For example, a small artisanal cheese maker might choose a direct distribution strategy, selling their products online and at local farmers markets. This allows them to control the way their products are presented and sold, and to receive direct feedback from their customers.

However, direct distribution can also be resource-intensive. Manufacturers are responsible for every step of the distribution process, from storage and inventory management to shipping and customer service. This requires a significant investment in infrastructure and logistics.

Indirect distribution

An indirect distribution channel involves one or more intermediaries, such as wholesalers, retailers, or distributors. These intermediaries purchase products from the manufacturer and then sell them to the end consumer.

Since these intermediaries curate a diverse array of products from a wide range of manufacturers, indirect distribution typically allows retailers to expand their inventory and provide more options to customers. It can also reduce the manufacturer's workload, as the intermediaries typically handle storage, transportation, and selling. 

However, this approach does come with a trade-off: while indirect distribution can reduce the workload for retailers, it also typically means they must apply a higher markup to cover the cost of the intermediaries⁠—potentially affecting the competitiveness of their pricing.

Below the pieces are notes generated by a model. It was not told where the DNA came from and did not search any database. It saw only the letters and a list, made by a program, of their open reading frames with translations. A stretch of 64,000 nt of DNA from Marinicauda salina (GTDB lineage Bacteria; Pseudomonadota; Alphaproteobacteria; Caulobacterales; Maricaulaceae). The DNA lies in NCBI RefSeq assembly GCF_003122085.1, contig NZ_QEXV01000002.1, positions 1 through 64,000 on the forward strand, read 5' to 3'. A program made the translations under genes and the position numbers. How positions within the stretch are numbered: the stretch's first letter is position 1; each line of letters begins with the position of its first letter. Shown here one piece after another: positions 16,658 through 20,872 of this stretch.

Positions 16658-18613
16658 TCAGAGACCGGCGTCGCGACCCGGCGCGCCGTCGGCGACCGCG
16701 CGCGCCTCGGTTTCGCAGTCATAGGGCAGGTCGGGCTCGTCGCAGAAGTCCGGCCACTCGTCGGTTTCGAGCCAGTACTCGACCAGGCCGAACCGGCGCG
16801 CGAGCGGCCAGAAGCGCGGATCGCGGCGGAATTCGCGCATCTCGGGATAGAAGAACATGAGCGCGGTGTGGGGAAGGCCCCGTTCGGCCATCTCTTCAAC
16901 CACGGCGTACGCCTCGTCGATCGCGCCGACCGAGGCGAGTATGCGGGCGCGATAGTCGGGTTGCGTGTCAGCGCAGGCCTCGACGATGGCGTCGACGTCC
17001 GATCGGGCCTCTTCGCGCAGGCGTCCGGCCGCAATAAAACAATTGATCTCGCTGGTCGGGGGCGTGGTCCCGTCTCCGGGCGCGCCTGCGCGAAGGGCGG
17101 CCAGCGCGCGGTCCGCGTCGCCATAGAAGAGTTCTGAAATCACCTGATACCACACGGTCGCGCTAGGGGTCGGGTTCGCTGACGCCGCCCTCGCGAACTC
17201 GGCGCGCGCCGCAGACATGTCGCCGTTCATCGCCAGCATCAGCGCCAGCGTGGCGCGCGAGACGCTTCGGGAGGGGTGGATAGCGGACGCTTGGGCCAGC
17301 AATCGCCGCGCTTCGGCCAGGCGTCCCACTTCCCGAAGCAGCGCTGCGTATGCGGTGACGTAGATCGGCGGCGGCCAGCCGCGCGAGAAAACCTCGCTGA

What is distribution management?

Distribution management is the coordination and supervision of the transfer of goods from a manufacturer or supplier to the point of sale. It's a comprehensive process that includes a wide range of activities, such as inventory management, order fulfillment, demand forecasting, and logistics coordination, all aimed at ensuring that products are available to customers in the right place at the right time.

Several factors can influence the effectiveness of distribution management:

  • Packaging: The size, weight, and packaging of the product can impact transportation costs and storage requirements.
  • Inventory management: Effective inventory management is crucial to ensure the right products are available at the right time.
  • Order processing: Efficient order processing can improve customer satisfaction and reduce costs.
  • Logistics: The logistics of moving the product from the manufacturer to the consumer need to be managed effectively.
  • Nature of the product: Different products, like perishable versus non-perishable goods, require different distribution strategies.
  • Type of market: Targeting a global market versus a local market presents different distribution challenges and needs.
  • Overall business strategy: The distribution strategy should align with the broader business goals and objectives.
  • Customer preferences: The buying habits and preferences of the target customers can influence distribution strategies.
  • Regulatory environment: Laws and regulations related to the transportation and sale of goods can impact distribution practices.
  • Technological capabilities: The use of technology can enhance inventory tracking, logistics management, and demand forecasting.
  • Geographical considerations: Factors such as distance, infrastructure, and local conditions can influence the choice of distribution channels and the speed of delivery.